Although CX4 cable is somewhat less expensive to install than fiber optic cable, it’s limited to distances of up to 15 meters. Because this standard uses such a specialized cable at short distances, 10GBASE-CX4 is generally used only in limited data center applications such as connecting servers or switches.
10GBASE-Kx is backplane 10-Gigabit Ethernet and consists of two standards. 10GBASE-KR is a serial standard compatible with 10GBASE-SR, 10GBASE-LR, and 10GBASE-ER. 10GBASE-KX4 is compatible with 10GBASE-LX4. These standards use up to 40 inches of copper printed circuit board with two connectors in place of cable. These very specialized standards are used primarily for switches, routers, and blade servers in data center applications.
10GBASE-T is the 10-Gigabit standard that uses the familiar shielded or unshielded copper UTP cable. It operates at distances of up to 55 meters (180 ft.) over existing Category 6 cabling or up to 100 meters (328 ft.) over augmented Category 6, or “6a,” cable, which is specially designed to reduce crosstalk between UTP cables. Category 6a cable is somewhat bulkier than Category 6 cable but retains the familiar RJ-45 connectors.
To send data at these extremely high speeds across four-pair UTP cable, 10GBASE-T uses sophisticated digital signal processing to suppress crosstalk between pairs and to remove signal reflections.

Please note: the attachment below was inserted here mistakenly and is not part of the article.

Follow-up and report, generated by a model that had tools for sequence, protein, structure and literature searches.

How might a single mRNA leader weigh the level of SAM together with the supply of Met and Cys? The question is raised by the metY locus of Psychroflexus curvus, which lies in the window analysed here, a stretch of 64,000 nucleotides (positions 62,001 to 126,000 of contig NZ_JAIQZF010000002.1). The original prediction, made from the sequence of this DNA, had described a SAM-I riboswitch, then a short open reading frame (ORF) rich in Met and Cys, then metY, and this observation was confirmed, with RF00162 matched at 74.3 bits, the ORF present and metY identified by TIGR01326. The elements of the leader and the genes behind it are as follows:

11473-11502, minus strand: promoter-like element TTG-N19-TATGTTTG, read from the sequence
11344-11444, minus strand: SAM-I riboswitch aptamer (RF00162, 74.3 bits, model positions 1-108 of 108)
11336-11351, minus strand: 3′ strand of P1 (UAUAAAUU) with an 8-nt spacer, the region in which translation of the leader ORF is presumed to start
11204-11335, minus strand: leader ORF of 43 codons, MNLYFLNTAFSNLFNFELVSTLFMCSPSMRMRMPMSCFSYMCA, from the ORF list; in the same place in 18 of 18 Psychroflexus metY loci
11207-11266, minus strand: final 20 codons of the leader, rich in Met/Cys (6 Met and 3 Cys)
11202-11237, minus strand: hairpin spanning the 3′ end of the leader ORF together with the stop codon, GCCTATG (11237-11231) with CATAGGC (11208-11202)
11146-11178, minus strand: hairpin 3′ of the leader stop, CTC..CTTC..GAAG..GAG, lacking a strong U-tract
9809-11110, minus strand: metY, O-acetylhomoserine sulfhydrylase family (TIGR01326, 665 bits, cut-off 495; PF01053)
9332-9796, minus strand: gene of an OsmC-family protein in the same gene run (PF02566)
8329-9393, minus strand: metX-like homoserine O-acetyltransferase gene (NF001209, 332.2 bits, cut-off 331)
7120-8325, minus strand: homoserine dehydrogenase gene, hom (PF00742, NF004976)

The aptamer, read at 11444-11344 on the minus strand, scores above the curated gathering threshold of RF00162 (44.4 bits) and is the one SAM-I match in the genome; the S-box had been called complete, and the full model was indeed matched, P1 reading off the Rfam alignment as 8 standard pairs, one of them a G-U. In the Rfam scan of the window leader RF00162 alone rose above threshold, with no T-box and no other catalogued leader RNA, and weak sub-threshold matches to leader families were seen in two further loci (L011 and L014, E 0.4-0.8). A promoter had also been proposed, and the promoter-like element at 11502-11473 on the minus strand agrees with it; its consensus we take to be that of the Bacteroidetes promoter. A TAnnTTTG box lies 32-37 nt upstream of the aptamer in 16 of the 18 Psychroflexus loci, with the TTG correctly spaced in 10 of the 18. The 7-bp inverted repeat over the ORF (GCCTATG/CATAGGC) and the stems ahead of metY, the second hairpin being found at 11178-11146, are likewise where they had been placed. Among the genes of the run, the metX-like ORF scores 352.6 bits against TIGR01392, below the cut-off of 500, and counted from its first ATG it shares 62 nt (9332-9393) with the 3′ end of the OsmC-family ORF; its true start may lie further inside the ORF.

10-Gigabit Ethernet Applications
> 10-Gigabit Ethernet is already being deployed in applications requiring extremely
> As a lower-cost alternative to Fibre Channel in storage area networking (SAN)
> High-speed server interconnects in server clusters.
> Aggregation of Gigabit segments into 10-Gigabit Ethernet trunk lines.
> High-speed switch-to-switch links in data centers.
> Extremely long-distance Ethernet links over public SONET infrastructure.
Although 10-Gigabit Ethernet is currently being implemented only by extremely high-volume users such as enterprise networks, universities, telecommunications carriers, and Internet service providers, it’s probably only a matter of time before it’s delivering video to your desktop. Remember that only a few years ago, a mere 100-Mbps was impressive enough to be called “Fast Ethernet.”
Black Box Explains...What to look for in a channel solution.
Channel solution. You hear the term a lot these days to describe complete copper or fiber cabling systems. But what exactly is a channel solution and what are its benefits?... more/see it now
A channel solution is a cabling system from the data center to the desktop where every cable, jack, and patch panel is designed to work together and give you consistent end-to-end performance when compared with the EIA/TIA requirements.